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THE SEVEN-STEP CHANGE PROCESS

Willard presents seven steps that map the essence of the sustainability change process in any organization. This process serves as a scalable map and may be used in organizations of any size.

Step 1: Wake Up and Decide. Company leaders begin to lose faith in trusting “the system” as it stands. They move past denial, fear, and guilt, and then decide to convert their anger into a proactive commitment to making a difference.

Step 2: Inspire Shared Vision(s). Leaders create a personal vision of the desired future and then repeat the visioning process with an informal network of colleagues who share their sustainability concerns.

Step 3: Assess Current Realities. To capitalize on their energy, leaders must step back from the exciting future vision and look at the current reality in order to assess how large a gap exists between their organization’s current state and the desired future state.

Step 4: Develop Strategies. After assessing the gap between the organization’s current level of sustainability and the desired future state, leaders must identify the high-leverage issues and the people and resources they need to make their vision a reality.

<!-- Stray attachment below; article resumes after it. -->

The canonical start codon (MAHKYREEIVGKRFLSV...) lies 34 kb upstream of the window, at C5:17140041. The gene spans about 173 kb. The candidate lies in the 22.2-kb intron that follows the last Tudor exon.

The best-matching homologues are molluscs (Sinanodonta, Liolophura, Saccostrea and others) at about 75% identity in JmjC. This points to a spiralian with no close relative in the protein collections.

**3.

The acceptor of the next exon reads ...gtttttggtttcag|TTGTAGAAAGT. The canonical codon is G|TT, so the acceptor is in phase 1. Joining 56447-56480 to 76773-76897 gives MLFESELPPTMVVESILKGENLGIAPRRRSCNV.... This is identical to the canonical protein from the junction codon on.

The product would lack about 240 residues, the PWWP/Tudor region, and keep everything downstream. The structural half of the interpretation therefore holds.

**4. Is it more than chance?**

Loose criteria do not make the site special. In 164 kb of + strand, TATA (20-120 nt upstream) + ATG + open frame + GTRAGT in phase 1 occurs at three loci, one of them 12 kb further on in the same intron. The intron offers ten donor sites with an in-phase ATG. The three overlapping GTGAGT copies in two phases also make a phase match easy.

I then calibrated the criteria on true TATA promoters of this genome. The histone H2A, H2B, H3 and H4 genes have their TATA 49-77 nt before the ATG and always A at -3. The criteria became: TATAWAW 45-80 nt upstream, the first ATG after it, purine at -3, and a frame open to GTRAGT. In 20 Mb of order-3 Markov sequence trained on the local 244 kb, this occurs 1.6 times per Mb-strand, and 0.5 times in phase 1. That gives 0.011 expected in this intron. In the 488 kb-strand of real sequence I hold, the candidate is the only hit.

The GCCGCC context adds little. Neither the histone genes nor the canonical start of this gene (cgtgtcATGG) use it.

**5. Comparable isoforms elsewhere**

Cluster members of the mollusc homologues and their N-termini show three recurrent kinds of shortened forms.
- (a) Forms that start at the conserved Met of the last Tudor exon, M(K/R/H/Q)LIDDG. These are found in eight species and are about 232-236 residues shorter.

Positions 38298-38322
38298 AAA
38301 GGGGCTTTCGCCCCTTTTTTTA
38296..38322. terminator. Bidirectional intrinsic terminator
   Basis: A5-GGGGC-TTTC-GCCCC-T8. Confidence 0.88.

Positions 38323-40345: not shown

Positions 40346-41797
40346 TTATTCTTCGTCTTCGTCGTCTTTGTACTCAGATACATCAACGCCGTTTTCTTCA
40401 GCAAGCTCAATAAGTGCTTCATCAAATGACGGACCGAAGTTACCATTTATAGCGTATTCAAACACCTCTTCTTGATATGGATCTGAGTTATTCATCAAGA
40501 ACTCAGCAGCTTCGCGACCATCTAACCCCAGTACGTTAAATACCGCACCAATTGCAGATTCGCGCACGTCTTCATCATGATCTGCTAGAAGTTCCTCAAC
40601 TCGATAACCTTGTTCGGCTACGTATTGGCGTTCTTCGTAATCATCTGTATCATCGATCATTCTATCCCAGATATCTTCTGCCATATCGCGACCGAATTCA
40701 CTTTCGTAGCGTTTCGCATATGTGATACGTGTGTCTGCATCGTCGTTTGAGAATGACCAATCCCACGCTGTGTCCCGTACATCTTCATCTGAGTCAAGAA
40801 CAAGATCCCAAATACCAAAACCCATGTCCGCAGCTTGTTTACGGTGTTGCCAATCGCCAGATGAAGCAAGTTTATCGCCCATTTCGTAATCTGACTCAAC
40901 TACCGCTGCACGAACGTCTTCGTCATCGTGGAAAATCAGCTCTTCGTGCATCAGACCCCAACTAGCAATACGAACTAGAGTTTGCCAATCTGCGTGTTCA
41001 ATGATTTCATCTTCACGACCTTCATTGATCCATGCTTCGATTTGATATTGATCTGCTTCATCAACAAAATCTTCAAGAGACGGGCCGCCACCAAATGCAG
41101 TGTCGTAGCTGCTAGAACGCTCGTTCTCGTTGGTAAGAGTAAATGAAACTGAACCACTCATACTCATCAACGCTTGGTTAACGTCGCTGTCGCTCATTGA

Step 5: Build the Case(s) for Change. Leaders must use internal and external data to craft compelling justifications for change. By building a portfolio of relevant cases for change, company leaders can mitigate risks and quantify opportunities that might be achieved if their vision for a sustainable company is realized.

Step 6: Mobilize Commitment. Commitment is mobilized when cross-functional and cross-hierarchical teams collaborate through steps of the sustainability challenge process. Leaders should coach an inner circle of kindred spirits in Steps 1-5 of the seven-step change process. This inner circle should then repeat this process with their circles of influence, gaining credibility and trust from key decision makers and senior gatekeepers in the process.

Step 7: Embed and Align. The final step embeds sustainability in the mainstream of the company’s measurement and management systems, its recognition and rewards systems, and its decision-making systems. It is vital that leaders stay credible in this step of the process by under-promising and over delivering on the benefits of sustainability initiatives. This will ensure employees’ enthusiastic investment in efforts for sustainability.

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